Simona Halep has a philosophy - playing tennis, as she tells herself, is about the pursuit of pleasure. Mark Hodgkinson caught up with the Romanian to talk about her new philosophy...
WTA Staff

Playing tennis, as Simona Halep keeps on telling herself, should be about the pursuit of pleasure. That's not to say that she's some reckless, risk-taking hedonist - she isn't - just that she likes to remind herself that competing on the tennis tour ought to be fun. Once there was fear in Halep's game, now there's joy, and this new approach has propelled her inside the WTA's Top 10 for the first time.

You sometimes hear it said that tennis is played in the little grey cells before it's played on the red clay, the green grass or on any of the other colors of the WTA, and that's never truer than with Halep, only the third Romanian, after Virginia Ruzici and Irina Spirlea, to be ranked in the Top 10. If Halep hadn't reset her mental attitude, she wouldn't have recently hosted a party at her new apartment in Bucharest with her friends and family to mark her elevation to the elite of the women's game. "We drank a little champagne and had some good food," Halep, 22, said. "It felt really good to be in the Top 10 for the first time, really nice, something to celebrate."

This has been a period of transformation for Halep, who comes from Constanta, on the shores of the Black Sea. Moving into your new home is a big moment in the life of any young person, and it was just the other day that Halep, who bought and decorated her apartment last year, spent her first night at her place.

Understandably, though, she has been a little more animated about joining the Top 10, her reward for an astonishing 12 months, including winning more titles in 2013 than anyone apart from Serena Williams. No wonder the international tennis media voted for Halep as the WTA's Most Improved Player; she hadn't previously won a title on the WTA, but ended up scoring six tournaments, across clay, grass and hardcourts. And no wonder that, whenever she steps out of her Bucharest apartment block, she can expect to be surrounded by tennis enthusiasts either requesting autographs or wanting to pass on their congratulations ("that's nice to hear that"). And her success has continued into this season, as at last month's Australian Open she achieved her dream of reaching a first Grand Slam quarterfinal. But let's not pretend that Halep hasn't encountered turbulence along the way.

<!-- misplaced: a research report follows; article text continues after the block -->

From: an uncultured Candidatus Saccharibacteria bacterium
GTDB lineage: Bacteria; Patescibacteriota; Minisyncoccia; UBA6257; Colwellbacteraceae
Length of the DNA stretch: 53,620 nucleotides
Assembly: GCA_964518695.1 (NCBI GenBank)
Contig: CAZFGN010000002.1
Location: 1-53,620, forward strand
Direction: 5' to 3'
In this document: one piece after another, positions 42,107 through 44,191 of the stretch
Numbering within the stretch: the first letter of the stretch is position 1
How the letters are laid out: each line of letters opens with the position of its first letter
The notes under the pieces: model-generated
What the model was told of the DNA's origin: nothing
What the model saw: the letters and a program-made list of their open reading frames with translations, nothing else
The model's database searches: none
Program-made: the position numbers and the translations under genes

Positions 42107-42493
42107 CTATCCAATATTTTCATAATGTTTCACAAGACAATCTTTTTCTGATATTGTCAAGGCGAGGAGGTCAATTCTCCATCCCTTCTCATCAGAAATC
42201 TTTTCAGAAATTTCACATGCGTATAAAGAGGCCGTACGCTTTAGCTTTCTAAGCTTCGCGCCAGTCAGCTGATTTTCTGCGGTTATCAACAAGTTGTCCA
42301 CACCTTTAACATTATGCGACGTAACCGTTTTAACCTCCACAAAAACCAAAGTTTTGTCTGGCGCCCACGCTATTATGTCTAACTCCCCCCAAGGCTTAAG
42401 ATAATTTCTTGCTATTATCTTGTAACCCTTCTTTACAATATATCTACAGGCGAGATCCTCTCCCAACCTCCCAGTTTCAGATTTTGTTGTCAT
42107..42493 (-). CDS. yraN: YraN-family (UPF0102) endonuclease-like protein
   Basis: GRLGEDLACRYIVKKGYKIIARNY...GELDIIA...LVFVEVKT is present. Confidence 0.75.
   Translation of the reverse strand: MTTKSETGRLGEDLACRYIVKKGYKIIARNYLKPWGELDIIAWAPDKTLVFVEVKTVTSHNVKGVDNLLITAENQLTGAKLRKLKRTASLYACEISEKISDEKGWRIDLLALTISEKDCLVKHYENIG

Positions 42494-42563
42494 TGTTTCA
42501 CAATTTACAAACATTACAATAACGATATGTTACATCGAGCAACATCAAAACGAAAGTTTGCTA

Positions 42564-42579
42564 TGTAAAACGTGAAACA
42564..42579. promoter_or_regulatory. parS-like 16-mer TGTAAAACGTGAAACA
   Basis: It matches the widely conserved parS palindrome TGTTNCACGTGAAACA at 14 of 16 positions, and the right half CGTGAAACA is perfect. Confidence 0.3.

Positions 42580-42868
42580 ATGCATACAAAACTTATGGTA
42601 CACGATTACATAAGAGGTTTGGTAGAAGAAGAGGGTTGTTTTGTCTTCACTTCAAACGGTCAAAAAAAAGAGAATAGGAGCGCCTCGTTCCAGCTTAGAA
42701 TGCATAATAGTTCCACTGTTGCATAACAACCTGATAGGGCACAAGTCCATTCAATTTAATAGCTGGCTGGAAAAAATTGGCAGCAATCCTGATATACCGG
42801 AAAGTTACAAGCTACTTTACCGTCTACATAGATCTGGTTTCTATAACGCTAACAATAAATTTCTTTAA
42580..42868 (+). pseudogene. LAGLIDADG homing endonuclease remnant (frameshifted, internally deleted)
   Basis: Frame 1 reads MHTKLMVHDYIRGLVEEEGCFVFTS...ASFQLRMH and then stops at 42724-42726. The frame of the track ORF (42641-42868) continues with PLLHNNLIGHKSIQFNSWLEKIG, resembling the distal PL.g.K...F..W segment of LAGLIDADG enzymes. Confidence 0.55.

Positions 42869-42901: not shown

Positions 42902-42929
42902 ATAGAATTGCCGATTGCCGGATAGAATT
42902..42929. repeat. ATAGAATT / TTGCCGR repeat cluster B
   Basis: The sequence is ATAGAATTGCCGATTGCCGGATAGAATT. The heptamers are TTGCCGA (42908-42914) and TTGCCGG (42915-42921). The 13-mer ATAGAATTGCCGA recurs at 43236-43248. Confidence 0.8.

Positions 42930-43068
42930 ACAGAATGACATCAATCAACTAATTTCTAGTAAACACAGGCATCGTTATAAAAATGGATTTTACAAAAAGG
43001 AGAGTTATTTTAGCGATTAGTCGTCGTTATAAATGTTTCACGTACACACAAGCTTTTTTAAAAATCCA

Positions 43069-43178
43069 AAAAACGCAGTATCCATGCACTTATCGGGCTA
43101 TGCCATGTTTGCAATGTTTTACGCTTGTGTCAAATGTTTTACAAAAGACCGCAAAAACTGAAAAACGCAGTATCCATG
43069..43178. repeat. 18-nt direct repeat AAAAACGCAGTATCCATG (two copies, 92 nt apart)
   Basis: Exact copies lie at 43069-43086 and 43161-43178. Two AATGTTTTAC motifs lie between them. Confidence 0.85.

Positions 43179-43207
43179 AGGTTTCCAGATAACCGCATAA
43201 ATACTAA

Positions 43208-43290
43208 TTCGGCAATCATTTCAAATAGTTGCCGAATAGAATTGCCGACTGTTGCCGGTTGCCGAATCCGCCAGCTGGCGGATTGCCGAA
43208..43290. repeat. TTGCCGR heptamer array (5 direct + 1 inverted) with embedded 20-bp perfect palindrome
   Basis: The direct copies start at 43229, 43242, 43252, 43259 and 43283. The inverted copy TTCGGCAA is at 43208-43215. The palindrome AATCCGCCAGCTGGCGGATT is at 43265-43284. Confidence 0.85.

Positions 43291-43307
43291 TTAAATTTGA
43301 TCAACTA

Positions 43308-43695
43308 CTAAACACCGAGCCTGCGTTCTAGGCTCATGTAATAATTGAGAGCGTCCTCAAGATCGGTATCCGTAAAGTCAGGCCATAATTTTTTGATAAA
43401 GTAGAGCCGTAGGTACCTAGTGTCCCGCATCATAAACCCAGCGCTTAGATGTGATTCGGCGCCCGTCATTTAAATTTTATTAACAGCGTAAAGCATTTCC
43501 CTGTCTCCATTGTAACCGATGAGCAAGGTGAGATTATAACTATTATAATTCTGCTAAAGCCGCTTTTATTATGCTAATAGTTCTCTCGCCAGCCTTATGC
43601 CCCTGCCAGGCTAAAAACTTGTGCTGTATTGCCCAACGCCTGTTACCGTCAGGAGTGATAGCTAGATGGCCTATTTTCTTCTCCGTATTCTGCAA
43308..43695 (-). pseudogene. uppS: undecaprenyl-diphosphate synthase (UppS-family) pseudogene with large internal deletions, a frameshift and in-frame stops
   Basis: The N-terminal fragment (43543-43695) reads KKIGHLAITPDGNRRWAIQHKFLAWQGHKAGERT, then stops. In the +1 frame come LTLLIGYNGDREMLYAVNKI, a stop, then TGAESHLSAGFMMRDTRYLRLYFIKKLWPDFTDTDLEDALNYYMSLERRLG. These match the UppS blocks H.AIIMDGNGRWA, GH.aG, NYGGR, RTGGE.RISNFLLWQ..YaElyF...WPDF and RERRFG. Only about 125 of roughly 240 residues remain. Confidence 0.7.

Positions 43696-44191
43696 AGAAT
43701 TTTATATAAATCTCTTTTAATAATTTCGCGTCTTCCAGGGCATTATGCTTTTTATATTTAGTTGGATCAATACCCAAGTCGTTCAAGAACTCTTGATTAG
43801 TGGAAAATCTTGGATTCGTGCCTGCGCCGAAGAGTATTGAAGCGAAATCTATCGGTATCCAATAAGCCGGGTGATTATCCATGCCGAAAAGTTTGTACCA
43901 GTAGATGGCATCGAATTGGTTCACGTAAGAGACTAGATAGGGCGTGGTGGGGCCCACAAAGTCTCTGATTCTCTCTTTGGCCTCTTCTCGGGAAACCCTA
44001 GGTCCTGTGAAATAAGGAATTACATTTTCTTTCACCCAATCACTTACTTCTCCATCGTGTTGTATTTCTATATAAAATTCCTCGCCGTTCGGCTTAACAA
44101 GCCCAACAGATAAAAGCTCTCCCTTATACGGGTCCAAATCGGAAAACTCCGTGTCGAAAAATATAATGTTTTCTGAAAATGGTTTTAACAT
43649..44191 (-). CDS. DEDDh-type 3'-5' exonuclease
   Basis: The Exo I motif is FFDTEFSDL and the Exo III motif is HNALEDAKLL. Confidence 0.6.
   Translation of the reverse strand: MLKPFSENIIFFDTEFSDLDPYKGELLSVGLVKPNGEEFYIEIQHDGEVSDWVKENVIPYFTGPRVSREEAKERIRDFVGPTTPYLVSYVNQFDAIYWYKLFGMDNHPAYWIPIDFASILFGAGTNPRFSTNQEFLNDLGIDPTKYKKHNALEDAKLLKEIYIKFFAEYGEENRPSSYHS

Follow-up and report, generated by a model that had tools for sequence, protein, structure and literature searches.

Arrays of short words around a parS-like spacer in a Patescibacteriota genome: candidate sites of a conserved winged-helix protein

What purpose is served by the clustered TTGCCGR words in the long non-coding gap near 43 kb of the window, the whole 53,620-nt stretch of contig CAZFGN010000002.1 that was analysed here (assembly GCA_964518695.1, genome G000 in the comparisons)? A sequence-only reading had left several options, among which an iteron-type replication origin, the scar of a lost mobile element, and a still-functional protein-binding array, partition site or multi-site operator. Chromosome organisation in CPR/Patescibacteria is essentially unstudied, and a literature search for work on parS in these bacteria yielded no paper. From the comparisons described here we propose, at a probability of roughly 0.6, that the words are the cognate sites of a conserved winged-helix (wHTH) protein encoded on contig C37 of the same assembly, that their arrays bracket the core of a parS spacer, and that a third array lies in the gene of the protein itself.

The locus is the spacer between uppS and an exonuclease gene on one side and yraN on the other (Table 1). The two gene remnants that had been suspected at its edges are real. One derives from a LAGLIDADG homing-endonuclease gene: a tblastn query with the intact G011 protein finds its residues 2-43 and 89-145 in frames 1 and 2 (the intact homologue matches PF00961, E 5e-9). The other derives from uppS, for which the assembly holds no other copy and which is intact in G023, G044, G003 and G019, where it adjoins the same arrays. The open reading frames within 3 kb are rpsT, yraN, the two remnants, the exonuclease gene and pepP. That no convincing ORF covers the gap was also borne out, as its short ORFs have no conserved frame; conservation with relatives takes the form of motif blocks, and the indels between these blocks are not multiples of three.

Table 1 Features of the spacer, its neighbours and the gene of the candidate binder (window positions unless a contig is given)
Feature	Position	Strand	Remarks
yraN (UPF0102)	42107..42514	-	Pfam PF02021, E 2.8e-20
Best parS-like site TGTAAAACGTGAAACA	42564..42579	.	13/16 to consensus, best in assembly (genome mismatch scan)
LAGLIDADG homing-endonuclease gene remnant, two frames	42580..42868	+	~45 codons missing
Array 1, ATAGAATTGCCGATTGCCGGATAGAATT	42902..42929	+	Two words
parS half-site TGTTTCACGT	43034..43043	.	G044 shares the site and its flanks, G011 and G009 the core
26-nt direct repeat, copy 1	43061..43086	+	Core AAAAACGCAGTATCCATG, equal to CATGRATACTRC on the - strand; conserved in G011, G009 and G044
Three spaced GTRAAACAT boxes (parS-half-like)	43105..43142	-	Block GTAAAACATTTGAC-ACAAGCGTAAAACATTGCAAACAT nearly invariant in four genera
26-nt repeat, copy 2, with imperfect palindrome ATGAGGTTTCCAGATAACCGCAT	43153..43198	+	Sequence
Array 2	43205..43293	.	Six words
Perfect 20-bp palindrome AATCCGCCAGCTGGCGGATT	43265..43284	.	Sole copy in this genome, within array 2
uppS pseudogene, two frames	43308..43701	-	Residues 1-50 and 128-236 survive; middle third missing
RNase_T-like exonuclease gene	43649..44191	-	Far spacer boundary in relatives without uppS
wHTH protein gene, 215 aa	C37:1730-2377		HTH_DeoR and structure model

A former junior World No.1, and junior French Open champion, Halep didn't find it easy making the transition to the senior game. She was often so stressed that she couldn't move her feet or strike the ball properly. "I was frightened, I was being too defensive with my game and I was doing too much running," conceded Halep, who came around to the realization that she had been putting too much pressure on herself. Walking on court, she would forever be telling herself, "I want to win this match."

So Halep made what she described as "a big mental change". "What changed was that I allowed myself to be relaxed on court by taking the pressure off. I told myself to enjoy it and to play with pleasure," said Halep, who recently met her new coach, Wim Fissette, who has previously worked with Kim Clijsters and Sabine Lisicki. "If you're feeling too much stress on court, you need to learn to take pleasure from the game, and not the results. It's important to feel good on the court, and not to feel stress, as when you're stressed you can't move your body. You just need to try to enjoy it, and don't think about the results. If you're more relaxed on court, you can play your best tennis." As a little girl, Halep had taken simple pleasure from swinging a racquet - to progress as a professional, she almost had to return to that child-like mental state of playing for the sheer thrill of it.

Technically, Halep has hardly changed a thing - it's just now that she plays with much more aggression. She's no longer so tentative. Halep's old idol, Justine Henin, showed her that "smaller girls" can beat anyone; at five and a half feet, the Eastern European isn't the tallest player on the scene, but her results have demonstrated that, with a relaxed and happy mind, and an aggressive strategy, you can beat anyone. One of Halep's titles last year came at WTA's Tournament Of Champions, but this year, if she can continue taking pleasure along the Road To Singapore, she could find herself competing at the WTA Championships in the city, and wouldn't that be fun?

~ Mark Hodgkinson is a tennis writer and author based in London. He is currently working on 'The Secrets of The Locker Room', which will be published by Bloomsbury in 2015.